At the St. Paul convention, despite the overwhelming decision to form the new Farmer-Labor Party, there was much sentiment for LaFollette, and proposals were carried for negotiations with the Conference for Progressive Political Action on the question of joint support for a LaFollette ticket. The Workers Party, looking askance at LaFollette as a petty-bourgeois reformist, declared to the St. Paul convention that "the only basis upon which the Workers Party will accept LaFollette as the candidate is that he agree to run as a Farmer Labor candidate, to accept the party's platform and its central control over the electoral campaign and campaign funds."13 LaFollette rejected these terms.
A couple of weeks after the St. Paul convention, on July 3rd, at Cleveland, the C.P.P.A. nominated Robert M. LaFollette and Burton K. Wheeler to run for president and vice-president. The convention represented at least four million organized workers, farmers, and middle class groupings. The A.F. of L., for the first time endorsing independent presidential candidates, gave the movement its official blessing. With the ultra-reactionaries Calvin Coolidge and John W. Davis, running as the Republican and Democratic candidates, the A.F. of L. could not withstand LaFollette pressure among its rank and file. Moreover, the Gompers-ites had a healthy respect for the railroad unions behind the C.P.P.A., as the latter had given them the worst licking in their career at the 1920 A.F. of L. convention in Montreal upon the issue of the Plumb Plan. But the Executive Council, in endorsing LaFollette, made it clear that this action was in no sense "a pledge of identification with an independent party movement or a third party."14
The strong mass sentiment for LaFollette had disastrous effects upon the Farmer-Labor Party just organized at St. Paul. Most of the participants at that convention later mounted the C.P.P.A. bandwagon. Consequently, the Executive Committee of the Farmer-Labor Party deemed it the part of wisdom to withdraw its candidates, McDonald and Bouck, thereby dissolving the F.L.P. as a party. The Workers Party thereupon put up William Z. Foster, the leader of the 1919 steel strike, as its candidate for president. This was the first national Communist ticket, an event of prime historical importance in the life of the working class. The Party got on the ballot in 13 states, made a strong campaign, and polled for the national ticket, according to the unreliable official figures, some 33,316 votes.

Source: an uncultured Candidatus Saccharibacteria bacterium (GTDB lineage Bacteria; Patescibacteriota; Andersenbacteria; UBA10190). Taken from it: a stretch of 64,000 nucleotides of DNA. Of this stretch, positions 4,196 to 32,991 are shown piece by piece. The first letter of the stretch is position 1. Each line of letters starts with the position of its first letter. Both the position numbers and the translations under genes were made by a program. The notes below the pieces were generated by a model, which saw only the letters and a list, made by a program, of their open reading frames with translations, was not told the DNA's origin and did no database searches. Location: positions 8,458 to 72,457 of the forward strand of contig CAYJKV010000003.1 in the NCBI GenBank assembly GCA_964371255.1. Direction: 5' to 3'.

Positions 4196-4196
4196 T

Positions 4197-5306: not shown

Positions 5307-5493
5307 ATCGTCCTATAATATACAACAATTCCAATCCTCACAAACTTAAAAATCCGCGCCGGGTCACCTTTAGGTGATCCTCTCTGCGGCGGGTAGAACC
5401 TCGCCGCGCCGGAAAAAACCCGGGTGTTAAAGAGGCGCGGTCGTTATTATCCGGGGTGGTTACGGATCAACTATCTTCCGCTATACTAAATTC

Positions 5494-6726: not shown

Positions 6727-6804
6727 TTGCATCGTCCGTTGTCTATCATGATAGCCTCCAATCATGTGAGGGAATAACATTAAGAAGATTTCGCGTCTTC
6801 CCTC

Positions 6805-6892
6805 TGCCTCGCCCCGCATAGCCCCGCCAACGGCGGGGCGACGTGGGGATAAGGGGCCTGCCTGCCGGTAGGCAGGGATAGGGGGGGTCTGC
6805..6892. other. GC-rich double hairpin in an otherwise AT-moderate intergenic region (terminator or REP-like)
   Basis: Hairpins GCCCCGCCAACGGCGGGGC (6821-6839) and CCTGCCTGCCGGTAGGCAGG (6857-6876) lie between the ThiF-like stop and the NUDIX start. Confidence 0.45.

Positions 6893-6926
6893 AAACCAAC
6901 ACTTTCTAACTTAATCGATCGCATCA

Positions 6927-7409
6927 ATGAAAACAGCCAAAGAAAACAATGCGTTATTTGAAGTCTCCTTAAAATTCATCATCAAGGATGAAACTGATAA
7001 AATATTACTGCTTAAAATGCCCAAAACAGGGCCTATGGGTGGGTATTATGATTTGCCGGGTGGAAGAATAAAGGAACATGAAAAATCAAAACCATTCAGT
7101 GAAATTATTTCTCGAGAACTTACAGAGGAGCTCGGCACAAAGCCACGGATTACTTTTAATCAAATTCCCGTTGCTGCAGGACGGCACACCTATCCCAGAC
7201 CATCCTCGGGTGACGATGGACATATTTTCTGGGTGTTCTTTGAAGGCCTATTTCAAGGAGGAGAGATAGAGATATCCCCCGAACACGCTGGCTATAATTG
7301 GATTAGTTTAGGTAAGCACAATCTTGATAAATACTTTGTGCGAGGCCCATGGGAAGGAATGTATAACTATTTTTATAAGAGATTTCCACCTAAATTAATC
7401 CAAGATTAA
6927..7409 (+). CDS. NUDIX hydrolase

In the presidential elections the LaFollette Progressive Independents polled 4,826,382 votes, or about 16.5 percent of the total vote cast. Undoubtedly, large numbers of votes were stolen from the LaFollette column. LaFollette's good election showing and the huge mass organizations behind the C.P.P.A. obviously provided a sufficient basis for a strong national party of workers and farmers; but this was the last thing wanted by the A.F. of L. and railroad union leaders, tied as they were to the two capitalist parties. Consequently, on February 21, 1925, they met in Chicago, and after rejecting proposals to form a labor party, informally dissolved the C.P.P.A. and went back to the old Gompers policy of "reward your friends and punish your enemies." Gompers died on December 13, 1924, shortly after the LaFollette campaign, but his anti-working class policies lived right on after him.
Despite the favorable political situation, the working class was not able, during the crucial period of 1922-24, to make a breakaway from the two capitalist parties and to establish an independent mass political party. This was because of the workers' prevalent ideological and organizational weaknesses mentioned above, the crass betrayal by the trade union leaders and the Hillquit S.P. leadership, and the fact that in 1923 the economic situation began to pick up substantially. The ensuing "prosperity" tended to re-create petty-bourgeois illusions among the masses, and it also strengthened the control over the unions by the reactionary leaders, sworn enemies of the labor party. Errors made by the left wing were also a factor in the failure to organize a labor party.
TACTICAL MISTAKES OF THE WORKERS PARTY